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Nearly 10 million U.S. residents are blind or have low vision. Focus groups with visually-impaired individuals reveal that they routinely confront communication, physical access, and information barriers to care, as well as a lack of basic respect. These patients are bothered that some physicians think they cannot participate fully in their own care. They often find it difficult to interact with physicians and office staff, and they sometimes have trouble getting to and around physicians' offices.
Visually impaired individuals typically receive information in inaccessible formats, for example, not in Braille, large print, or audiotape. Using common courtesy and individualized communication techniques, physicians and office staff could improve the health care experiences of blind and low-vision patients, concludes Cornell University researcher Bonnie O'Day and her colleague Lisa I. Iezzoni, M.D., M.Sc., from the Harvard Medical School. Dr. O'Day and her colleagues used focus group interviews to elicit information and advice from people with vision loss about how to improve their health care experience. The 2-hour audiotaped focus groups involved 19 men and women from diverse backgrounds; 10 had no vision, and 9 had some vision.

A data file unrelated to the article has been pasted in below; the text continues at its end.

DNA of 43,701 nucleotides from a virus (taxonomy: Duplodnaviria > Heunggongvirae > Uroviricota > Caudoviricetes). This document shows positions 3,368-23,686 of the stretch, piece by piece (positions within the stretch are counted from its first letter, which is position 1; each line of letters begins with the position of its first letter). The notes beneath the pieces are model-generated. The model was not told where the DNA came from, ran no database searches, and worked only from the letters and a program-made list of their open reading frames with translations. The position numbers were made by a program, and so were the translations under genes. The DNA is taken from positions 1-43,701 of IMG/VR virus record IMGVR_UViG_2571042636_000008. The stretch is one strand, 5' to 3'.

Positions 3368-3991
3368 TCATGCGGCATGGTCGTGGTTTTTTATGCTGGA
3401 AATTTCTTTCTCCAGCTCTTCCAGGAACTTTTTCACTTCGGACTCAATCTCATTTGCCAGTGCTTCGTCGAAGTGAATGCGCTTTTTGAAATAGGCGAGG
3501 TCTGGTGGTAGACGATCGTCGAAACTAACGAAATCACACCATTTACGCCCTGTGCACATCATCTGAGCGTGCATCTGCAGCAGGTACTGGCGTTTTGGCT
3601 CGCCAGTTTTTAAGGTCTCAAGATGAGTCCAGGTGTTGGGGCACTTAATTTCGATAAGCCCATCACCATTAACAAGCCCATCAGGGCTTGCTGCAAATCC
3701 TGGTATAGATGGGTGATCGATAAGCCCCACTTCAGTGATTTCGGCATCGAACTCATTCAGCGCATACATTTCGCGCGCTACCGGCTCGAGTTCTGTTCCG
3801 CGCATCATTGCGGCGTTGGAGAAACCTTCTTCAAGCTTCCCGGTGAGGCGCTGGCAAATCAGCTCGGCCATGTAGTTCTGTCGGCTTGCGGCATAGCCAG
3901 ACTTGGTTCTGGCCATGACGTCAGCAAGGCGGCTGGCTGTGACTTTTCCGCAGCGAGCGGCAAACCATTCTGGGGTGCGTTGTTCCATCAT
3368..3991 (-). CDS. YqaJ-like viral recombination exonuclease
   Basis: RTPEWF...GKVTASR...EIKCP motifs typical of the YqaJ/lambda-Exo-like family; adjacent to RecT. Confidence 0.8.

Focus group participants recommended that doctors talk to them instead of their sighted companion and focus on their medical complaint rather than their blindness. They also suggested that office staff be trained to respect patients' preferences for navigating offices and assist them with paperwork in private locations instead of in waiting rooms where their privacy may be compromised. Other suggestions included installing Braille and raised-print signage on office doors, having information about public transportation routes available in the office, and telephoning patients about future appointments. The study was supported by the Agency for Healthcare Research and Quality (HS10223).
See "Improving health care experiences of persons who are blind or have low vision: Suggestions from focus groups," by Bonnie L. O'Day, Ph.D., Mary Killeen, M.A., and Dr. Iezzoni, in the September 2004 American Journal of Medical Quality 19(5), pp. 193-200.
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